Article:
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Architecture or Design


MI Design Patterns Explained: From Analysis through Implementation
Ken Pugh, Net Objectives
Mon, 11/11/2013 - 8:30am

Ken Pugh takes you beyond thinking of design patterns as “solutions to a problem in a context.” Patterns are really about handling variations in your problem domain while keeping code from becoming complex and difficult to maintain as the system evolves. Ken begins by describing the classic use of patterns. He shows how design patterns implement good coding practices and then explains key design patterns including Strategy, Bridge, Adapter, Façade, and Abstract Factory.

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TF Design for Testability: A Tutorial for Devs and Testers
Peter Zimmerer, Siemens AG
Tue, 11/12/2013 - 8:30am

Testability is the degree to which a system can be effectively and efficiently tested. This key software attribute indicates whether testing (and subsequent maintenance) will be easy and cheap—or difficult and expensive. In the worst case, a lack of testability means that some components of the system cannot be tested at all. Testability is not free; it must be explicitly designed into the system through adequate design for testability.

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Concurrent Sessions

BW3 A Year of “Testing” the Cloud for Development and Test
Jim Trentadue, New York Life
Wed, 11/13/2013 - 10:15am

Jim Trentadue describes the first year his organization used the cloud for its non-production needs: development, testing, training, and production support. Jim begins by describing the components of a cloud environment and how it differs from a traditional physical server structure. To prove the cloud concept, he used a risk-based model for determining which servers would be migrated. The result was a win for the organization from a time-to-market and cost savings perspective. Jim shares his do’s and don’ts for moving to the cloud.

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BW7 Make the Cloud Less Cloudy: A Perspective for Software Development Teams
Bill Wilder, Development Partners Software Corporation
Wed, 11/13/2013 - 2:15pm

With so many technologies branded as “cloud” products, it can be difficult to distinguish good technology from good marketing. The resulting confusion complicates the work of software development teams who are trying not only to architect software effectively but also trying to accelerate building, testing, and delivering software. To cut through this confusion, Bill Wilder defines key cloud terms, compares the different types of clouds, and drills into concrete examples of specific cloud services.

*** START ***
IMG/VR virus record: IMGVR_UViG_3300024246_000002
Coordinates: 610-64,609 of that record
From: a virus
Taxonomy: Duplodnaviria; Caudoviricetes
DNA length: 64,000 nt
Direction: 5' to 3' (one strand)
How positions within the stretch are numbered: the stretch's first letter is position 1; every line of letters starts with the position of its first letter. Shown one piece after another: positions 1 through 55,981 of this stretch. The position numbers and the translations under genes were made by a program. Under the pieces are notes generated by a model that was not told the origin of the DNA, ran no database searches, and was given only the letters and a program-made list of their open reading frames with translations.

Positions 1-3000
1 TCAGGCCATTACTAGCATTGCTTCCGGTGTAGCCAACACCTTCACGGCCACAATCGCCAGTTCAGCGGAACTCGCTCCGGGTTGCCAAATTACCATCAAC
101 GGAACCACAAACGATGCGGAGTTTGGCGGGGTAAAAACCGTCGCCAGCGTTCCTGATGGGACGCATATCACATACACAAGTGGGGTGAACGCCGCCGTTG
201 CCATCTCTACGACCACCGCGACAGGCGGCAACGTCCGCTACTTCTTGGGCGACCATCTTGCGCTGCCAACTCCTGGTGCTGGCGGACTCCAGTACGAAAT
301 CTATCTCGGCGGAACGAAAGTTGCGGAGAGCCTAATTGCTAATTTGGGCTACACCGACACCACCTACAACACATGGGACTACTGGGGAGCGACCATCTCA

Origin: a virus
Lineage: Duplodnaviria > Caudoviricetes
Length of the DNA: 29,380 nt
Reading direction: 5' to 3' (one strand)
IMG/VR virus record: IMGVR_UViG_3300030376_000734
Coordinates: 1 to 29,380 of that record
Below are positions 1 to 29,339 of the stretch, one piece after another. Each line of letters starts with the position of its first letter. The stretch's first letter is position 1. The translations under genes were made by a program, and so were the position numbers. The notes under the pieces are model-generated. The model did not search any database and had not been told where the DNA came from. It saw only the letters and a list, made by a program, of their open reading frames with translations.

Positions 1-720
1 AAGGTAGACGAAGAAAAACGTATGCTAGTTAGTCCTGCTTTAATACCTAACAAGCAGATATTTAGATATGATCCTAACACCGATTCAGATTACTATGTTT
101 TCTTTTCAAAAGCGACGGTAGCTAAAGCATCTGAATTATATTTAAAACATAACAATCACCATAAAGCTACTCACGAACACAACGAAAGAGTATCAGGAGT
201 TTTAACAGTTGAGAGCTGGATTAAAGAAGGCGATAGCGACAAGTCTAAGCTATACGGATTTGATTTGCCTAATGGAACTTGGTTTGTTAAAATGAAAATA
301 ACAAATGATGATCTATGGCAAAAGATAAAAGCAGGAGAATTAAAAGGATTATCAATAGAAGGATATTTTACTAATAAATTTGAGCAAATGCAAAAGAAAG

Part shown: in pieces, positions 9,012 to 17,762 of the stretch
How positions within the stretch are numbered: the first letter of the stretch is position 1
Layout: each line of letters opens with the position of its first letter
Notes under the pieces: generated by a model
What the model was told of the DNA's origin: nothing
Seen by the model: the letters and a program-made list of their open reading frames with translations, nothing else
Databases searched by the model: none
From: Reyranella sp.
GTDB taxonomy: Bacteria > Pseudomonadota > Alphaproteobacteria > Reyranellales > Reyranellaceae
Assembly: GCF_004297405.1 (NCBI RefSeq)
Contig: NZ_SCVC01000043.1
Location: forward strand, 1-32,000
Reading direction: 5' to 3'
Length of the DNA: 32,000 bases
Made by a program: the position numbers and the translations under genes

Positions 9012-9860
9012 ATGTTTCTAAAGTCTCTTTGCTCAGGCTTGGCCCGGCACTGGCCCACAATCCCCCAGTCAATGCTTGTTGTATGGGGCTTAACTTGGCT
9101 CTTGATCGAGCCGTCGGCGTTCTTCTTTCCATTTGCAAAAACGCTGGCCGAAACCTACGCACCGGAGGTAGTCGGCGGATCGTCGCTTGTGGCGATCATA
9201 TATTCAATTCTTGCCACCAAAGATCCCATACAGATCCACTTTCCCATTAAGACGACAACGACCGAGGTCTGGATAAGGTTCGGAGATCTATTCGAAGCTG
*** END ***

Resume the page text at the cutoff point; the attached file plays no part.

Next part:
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BT2 Contextually-Driven System Architecture Reviews
Michael Dedolph, Levi Deal Consulting
Thu, 11/14/2013 - 10:15am

When the World Trade Center collapsed, the telephone switching systems in the basement correctly diagnosed which lines were still working and continued to connect calls for several days using backup power. One factor contributing to this remarkable product reliability was the AT&T/Bell Labs practice of early systems architecture reviews. Michael Dedolph shares an architecture review method based on the Bell Labs Systems Architecture Review Board (SARB) process and discusses how that method was institutionalized and managed.

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BT6 Avoiding Overdesign and Underdesign
Ken Pugh, Net Objectives
Thu, 11/14/2013 - 2:15pm

The question of how much design to do up-front on a project is an engaging one.  Too much design often results in overkill, complexity, and wasted effort. Too little design results in insufficient system structures that require later rework, additional complexity, and wasted effort.  How can we know what the right balance is? Ken Pugh shows how to use advice taken from Design Patterns, coupled with the attitude of not building what you don’t need from agile.

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